Wal-Mart, on the other hand, has been harder for the UFCW to crack in terms of getting a vote from it's store-level food clerks. Why? First, there aren't very many Wal-Mart Supercenters in California (or Nevada and Arizona for that matter). As such, it makes it more difficult for the union to organize workers.

Additionally, Wal-Mart has become very adept at keeping union workers at bay--and in encouraging its employees to vote non-union if a union ballot is voted on. We aren't suggesting the retailer has broken any federal laws we are aware of. Rather, there are provisions within the law that allow company's to do certain things, like hold sessions with workers on why they shouldn't join the union. By the same token, union organizers are allowed to meet with workers, as long as they follow certain provisions for doing so in the law.

Our sources tell us the UFCW organizing campaign targeting Fresh & Easy's store-level workers will be primarily grass-roots, as most union organizing campaigns are. However, we're told there also will be a heavy media component--especially public relations, targeting the print and broadcast media with stories about workers and comparing Tesco's salaries and benefits' plan to that offered by the unionized supermarkets, especially in California.

Speaking of these supermarket chains, they aren't too pleased with Tesco's non-union status at its Fresh & Easy grocery markets, just as they aren't real happy about Whole Foods, Wal-Mart and Trader Joe's.

In fact, Safeway, which a number of analysts are saying could be most hurt by the Fresh & Easy stores, just signed a very worker-friendly contract with the UFCW before Christmas. Considering how much more Safeway and the other chains are paying their store-level workers, the UFCW is determined to not let these grocers lose market share to non-union Tesco. Rather, they plan on bringing the British grocer into the union fold just as they have with nearly all the other "big boys" in the region.

Tesco is the fourth largest retailer in the world, and is actually bigger in terms of overall sales than any other food retailer in the state. And that includes some huge national players: Kroger Co., which owns the Ralph's chain, the market share leader in Southern California; Safeway Stores, Inc., which owns Safeway (number one market share) in Northern California, and Von's (number two market share) in Southern California; and Albertsons, which is owned by mega-grocer Supervalu, Inc., the second largest food retailer in the U.S.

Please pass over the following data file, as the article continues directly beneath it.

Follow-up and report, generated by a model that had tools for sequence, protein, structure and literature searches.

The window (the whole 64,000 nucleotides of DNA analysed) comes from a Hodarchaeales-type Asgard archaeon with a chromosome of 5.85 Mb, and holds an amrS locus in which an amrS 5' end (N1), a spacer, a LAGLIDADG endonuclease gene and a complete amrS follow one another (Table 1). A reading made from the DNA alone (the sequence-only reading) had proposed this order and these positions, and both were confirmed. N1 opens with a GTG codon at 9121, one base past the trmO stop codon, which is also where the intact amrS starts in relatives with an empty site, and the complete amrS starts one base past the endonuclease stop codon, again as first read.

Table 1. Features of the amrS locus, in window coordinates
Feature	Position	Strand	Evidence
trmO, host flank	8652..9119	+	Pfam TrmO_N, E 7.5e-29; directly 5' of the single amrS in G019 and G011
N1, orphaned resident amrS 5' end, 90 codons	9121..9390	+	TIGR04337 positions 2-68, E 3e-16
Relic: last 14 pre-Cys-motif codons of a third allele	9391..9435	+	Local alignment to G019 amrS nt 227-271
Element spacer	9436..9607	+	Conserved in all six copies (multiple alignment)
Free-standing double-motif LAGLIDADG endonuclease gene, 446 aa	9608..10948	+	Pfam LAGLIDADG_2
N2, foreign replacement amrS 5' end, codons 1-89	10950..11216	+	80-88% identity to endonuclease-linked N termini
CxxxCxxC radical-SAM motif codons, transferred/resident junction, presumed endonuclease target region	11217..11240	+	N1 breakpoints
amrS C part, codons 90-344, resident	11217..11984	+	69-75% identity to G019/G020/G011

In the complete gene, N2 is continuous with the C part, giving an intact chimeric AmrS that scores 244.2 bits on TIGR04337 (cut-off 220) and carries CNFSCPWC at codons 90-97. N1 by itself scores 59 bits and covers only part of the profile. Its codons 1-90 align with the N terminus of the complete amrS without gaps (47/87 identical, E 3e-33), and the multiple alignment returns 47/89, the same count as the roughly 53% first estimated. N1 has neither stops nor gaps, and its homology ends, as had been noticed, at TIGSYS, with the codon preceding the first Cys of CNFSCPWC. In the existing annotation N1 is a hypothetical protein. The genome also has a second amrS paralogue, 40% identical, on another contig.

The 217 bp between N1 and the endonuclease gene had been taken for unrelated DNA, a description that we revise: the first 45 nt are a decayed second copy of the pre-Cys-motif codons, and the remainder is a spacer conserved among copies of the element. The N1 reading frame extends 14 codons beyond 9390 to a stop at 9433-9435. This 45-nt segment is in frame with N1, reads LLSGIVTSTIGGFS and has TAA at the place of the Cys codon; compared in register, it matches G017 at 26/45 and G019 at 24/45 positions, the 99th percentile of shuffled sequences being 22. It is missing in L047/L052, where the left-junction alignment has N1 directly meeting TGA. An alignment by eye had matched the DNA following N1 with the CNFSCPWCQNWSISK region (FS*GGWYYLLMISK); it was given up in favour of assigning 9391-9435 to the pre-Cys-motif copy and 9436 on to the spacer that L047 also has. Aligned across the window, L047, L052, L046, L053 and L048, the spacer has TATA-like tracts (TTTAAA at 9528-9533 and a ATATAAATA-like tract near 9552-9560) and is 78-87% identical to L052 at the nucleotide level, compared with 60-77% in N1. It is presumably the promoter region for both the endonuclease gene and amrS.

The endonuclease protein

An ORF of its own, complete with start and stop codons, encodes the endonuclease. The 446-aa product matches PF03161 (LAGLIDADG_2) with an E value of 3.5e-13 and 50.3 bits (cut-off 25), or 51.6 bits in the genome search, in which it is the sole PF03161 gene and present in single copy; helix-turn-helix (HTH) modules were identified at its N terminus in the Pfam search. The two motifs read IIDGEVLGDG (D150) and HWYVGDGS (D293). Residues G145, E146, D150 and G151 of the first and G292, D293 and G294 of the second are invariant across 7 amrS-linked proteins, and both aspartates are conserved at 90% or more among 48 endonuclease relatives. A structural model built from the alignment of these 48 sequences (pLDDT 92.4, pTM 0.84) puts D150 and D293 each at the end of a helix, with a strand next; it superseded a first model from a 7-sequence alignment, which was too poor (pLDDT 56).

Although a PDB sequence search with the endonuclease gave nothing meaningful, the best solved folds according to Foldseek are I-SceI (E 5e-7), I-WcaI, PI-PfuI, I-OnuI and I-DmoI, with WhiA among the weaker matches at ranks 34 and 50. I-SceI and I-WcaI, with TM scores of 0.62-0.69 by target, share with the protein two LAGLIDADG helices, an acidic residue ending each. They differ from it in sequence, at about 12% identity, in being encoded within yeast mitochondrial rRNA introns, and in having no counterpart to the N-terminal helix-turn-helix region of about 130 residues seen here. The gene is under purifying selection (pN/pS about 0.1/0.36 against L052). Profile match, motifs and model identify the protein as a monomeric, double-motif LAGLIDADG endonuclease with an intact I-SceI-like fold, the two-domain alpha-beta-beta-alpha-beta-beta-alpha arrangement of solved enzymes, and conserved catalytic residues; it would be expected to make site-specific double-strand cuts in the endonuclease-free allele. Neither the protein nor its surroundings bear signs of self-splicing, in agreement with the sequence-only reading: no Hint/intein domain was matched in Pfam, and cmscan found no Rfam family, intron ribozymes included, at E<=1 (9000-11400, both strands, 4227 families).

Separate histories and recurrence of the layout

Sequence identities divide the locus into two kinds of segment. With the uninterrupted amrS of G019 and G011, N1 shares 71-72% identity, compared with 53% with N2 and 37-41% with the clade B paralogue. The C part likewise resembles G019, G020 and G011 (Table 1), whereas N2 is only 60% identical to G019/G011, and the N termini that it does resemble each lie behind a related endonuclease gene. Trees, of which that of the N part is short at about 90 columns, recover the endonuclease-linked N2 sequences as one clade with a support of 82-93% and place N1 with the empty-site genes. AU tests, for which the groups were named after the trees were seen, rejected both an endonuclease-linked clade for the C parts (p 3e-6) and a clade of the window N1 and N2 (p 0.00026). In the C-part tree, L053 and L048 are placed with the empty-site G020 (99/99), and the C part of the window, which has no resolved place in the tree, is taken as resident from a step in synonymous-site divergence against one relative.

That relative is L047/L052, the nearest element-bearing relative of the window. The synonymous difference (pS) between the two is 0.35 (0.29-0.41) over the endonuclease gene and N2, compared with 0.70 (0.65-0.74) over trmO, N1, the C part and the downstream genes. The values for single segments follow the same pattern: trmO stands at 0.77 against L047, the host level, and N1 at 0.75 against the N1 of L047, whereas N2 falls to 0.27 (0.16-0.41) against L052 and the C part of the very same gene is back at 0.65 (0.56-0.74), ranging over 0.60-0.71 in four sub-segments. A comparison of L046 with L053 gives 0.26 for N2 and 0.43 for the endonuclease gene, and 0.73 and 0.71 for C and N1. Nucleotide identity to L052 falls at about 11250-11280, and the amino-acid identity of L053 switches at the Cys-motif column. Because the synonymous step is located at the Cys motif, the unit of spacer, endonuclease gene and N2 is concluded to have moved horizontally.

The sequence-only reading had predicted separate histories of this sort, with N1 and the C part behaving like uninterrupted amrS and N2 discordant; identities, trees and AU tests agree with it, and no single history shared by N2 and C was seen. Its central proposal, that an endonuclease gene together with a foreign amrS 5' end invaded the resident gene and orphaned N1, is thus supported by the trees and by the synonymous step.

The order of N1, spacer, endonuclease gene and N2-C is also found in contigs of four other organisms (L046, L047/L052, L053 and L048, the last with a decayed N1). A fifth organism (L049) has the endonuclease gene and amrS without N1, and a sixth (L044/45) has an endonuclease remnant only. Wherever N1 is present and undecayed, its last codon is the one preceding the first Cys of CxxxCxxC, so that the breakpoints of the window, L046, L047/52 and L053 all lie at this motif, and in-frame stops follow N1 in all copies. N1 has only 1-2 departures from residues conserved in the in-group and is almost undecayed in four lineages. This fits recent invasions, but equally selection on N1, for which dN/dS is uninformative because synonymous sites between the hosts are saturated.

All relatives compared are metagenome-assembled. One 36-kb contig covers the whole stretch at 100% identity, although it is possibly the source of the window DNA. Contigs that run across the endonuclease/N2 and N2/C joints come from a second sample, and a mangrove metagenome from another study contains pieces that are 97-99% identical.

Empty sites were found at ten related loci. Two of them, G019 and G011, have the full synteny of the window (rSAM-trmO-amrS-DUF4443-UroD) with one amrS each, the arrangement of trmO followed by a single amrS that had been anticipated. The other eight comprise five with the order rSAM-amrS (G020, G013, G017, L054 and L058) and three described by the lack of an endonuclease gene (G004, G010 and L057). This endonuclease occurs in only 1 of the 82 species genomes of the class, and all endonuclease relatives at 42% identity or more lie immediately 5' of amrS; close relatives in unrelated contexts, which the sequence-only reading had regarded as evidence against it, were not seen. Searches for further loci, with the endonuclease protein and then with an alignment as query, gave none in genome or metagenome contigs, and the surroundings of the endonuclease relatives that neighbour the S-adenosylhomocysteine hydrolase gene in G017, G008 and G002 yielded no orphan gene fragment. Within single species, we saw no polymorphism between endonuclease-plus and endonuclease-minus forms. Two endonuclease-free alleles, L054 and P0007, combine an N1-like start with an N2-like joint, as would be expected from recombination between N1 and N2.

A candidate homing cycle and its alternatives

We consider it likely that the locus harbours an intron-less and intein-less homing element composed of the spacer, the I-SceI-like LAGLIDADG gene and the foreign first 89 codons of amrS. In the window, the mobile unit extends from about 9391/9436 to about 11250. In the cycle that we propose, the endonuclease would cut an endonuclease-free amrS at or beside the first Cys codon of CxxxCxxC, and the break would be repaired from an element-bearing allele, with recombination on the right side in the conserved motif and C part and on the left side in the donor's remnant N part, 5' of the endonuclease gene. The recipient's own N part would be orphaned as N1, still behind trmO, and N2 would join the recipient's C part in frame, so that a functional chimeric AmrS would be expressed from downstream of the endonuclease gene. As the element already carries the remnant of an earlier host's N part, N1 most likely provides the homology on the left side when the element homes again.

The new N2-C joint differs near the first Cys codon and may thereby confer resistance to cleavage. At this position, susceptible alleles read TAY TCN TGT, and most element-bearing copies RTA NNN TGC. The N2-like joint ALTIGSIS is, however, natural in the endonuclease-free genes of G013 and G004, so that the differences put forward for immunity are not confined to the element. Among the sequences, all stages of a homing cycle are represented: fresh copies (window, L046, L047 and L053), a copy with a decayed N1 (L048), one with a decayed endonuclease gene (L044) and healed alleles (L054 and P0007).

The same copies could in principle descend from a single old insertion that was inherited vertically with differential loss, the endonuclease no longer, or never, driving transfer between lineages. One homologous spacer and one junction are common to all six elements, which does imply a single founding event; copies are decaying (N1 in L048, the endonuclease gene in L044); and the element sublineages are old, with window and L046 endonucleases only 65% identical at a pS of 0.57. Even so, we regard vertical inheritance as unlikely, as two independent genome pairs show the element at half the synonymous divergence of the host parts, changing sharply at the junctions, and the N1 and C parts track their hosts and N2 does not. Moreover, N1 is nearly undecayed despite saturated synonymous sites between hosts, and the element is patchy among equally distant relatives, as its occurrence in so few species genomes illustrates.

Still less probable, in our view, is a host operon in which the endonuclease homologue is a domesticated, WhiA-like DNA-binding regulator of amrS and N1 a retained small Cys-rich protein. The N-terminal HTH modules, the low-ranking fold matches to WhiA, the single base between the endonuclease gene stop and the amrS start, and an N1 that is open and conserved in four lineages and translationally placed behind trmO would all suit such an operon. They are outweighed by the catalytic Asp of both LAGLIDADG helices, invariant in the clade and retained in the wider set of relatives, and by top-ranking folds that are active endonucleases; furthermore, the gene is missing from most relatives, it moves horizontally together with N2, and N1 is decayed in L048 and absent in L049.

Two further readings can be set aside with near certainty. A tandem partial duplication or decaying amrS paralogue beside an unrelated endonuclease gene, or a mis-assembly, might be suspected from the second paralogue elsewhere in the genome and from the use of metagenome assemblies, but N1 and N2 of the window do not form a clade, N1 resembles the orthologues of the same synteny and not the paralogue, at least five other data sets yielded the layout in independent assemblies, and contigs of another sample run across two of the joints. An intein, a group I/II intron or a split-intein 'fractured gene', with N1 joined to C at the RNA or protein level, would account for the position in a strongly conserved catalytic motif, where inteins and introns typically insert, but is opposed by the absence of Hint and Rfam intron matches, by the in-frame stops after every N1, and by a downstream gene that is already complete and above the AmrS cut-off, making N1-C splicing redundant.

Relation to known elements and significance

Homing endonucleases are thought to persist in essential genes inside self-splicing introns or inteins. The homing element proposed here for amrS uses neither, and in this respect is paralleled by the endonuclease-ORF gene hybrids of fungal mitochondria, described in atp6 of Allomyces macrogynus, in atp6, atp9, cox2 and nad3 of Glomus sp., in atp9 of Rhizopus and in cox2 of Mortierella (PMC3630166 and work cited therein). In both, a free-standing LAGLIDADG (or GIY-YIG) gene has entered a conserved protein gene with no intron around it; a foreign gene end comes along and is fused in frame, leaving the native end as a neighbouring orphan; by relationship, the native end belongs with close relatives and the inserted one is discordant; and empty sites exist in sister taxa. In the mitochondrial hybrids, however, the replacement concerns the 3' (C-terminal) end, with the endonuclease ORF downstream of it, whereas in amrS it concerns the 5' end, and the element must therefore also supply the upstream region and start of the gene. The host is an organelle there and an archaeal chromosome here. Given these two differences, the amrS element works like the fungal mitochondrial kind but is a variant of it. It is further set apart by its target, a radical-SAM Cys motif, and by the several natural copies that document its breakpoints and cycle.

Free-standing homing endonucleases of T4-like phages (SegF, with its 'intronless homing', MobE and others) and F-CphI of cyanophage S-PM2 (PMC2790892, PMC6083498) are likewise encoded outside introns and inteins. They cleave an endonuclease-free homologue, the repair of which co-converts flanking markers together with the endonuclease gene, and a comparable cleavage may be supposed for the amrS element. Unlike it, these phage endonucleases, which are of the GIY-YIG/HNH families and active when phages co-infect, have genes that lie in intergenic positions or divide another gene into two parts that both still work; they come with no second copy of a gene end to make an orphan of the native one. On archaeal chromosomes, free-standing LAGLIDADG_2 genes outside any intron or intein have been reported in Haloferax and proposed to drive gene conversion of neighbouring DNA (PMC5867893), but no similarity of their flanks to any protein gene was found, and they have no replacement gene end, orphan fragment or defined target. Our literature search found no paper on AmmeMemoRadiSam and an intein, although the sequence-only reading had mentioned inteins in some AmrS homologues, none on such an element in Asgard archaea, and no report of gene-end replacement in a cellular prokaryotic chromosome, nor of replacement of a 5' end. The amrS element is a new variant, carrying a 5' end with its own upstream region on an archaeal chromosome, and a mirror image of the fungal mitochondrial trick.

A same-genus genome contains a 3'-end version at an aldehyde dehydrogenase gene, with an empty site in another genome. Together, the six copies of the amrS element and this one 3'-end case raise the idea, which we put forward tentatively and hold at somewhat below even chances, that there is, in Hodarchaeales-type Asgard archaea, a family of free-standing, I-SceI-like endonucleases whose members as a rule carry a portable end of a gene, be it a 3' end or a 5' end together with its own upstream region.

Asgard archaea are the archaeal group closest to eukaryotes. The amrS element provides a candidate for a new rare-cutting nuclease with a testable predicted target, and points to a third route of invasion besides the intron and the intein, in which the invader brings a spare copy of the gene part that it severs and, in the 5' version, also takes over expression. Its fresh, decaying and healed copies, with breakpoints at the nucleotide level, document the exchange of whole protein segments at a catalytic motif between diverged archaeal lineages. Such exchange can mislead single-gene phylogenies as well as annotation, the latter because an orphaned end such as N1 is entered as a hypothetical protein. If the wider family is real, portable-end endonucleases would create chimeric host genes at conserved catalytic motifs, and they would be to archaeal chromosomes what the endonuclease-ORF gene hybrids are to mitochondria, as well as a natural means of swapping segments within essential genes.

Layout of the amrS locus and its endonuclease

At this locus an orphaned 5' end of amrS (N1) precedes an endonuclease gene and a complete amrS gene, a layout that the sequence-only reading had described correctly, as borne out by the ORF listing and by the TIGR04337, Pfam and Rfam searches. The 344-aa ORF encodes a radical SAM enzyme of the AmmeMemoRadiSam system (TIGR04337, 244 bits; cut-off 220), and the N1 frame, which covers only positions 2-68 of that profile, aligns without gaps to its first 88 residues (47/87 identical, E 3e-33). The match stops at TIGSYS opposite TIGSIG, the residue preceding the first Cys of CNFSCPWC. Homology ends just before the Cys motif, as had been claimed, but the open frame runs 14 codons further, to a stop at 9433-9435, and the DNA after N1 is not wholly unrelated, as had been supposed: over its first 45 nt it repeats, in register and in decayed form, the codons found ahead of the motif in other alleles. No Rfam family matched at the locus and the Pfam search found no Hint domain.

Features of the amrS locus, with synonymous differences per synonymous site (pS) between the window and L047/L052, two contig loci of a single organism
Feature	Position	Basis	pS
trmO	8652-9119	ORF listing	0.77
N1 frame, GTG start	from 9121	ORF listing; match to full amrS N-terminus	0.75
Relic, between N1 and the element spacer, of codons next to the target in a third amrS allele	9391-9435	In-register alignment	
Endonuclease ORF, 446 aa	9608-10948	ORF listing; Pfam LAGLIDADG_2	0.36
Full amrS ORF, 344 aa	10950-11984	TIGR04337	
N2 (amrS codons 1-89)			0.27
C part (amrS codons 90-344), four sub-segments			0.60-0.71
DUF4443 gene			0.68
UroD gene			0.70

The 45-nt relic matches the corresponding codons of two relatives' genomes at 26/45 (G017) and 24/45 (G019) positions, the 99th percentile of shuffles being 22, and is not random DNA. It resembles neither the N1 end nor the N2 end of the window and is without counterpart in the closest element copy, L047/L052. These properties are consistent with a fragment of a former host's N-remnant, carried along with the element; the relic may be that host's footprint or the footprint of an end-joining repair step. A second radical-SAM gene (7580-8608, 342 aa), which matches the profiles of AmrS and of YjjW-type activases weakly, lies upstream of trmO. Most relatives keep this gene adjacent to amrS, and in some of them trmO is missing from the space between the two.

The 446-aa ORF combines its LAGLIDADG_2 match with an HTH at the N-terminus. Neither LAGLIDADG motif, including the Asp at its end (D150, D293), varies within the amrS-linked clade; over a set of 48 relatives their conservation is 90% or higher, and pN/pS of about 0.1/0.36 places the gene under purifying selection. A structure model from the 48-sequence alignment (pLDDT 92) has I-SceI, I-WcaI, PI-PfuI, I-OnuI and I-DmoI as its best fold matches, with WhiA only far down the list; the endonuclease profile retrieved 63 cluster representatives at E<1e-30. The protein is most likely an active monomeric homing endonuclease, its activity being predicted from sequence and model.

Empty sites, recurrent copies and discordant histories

Tesco also plans to enter Northern California with its Fresh & Easy stores in 2008. The retailer already has two confirmed sites, one in San Jose and another in San Francisco. The grocer's real estate representatives are locking up locations as we write this. Our sources tell us Tesco wants to open at least 50 stores in Northern California, from the Bay Area north to Sacramento, by the end of 2009.

Northern California, especially the San Francisco Bay Area, is the strongest region in the U.S. for the UFCW. Even many small, single store independents in the Bay Area are union stores. Additionally, local Bay Area governments are generally very pro-union. Tesco will find that when it comes time to choose a side, if that happens, these local legislators will go with the union hands down.

2008 is going to find Tesco dealing with a strong union movement and campaign, especially in California. The question will be how the retailer responds. Further, the retail prices in the Fresh & Easy stores are currently super-low; lower than most supermarkets in the three-state region. This is in fact a major positioning aspect of Tesco's marketing with the Fresh & Easy stores: a low-price leader on basic groceries, combined with being a fresh, prepared foods store.

The $64,000 question is: If Tesco has to pay the same union wages at its Fresh & Easy stores, and offer the same generous benefits package that Safeway, Ralph's, Save Mart and the likes currently do, can the retailer still offer the excellent low prices it is offering on basic grocery items in its stores, as well as the reasonable retails it currently has on most of it's fresh, prepared food items? If not, does this mean one leg of Fresh & Easy's two-legged retail marketing stool (Combined low-priced, convenient basic grocery store/semi-upscale fresh foods and specialty store) will be sawed off?

These are questions Tesco will soon have to answer if the company hasn't alread reached a conclusion. Beginning in a few weeks the UFCW will more fully develop their campaign to organize Fresh & Easy store workers. Then, later in 2008, the union plans to go full-throttle to organize and get the store workers to vote on joining the United Food and Commercial Workers union.

1 comment:

Inquisitor said...

Now this is hilarious. This exemplifies why the Retail Clerks have lost money, benefits and hours in Southern California. It is not the greedy super markets, but the lazy unions. The complete failure of the Retail Clerks Union to unionize Fresh and Easy is consistant with their unionizing success of the past 3 decades. Trader Joes, Mothers, Whole Foods, Jons, and an plethora of non union markets have sprung up taking the high paying jobs away from the clerks who expected the unions to protect them. Ask yourself why there are 7 union presidents representing one contract? How much is each paid? Why do you need 7 office buildings, Why 7 sets of officers and support staffs? Why the expense of the benefits and perks for each of these 7 fiefdoms? One president for one contract. Seven regional offices to support the members with a manager to over see it. Reduce the unnecessary expense and you could reduce the members dues by more than enough to cover the proposed increase in health care expenses. But then, come to think of it, if the union had continued to do the job it once started, none of this would be relevant, would it?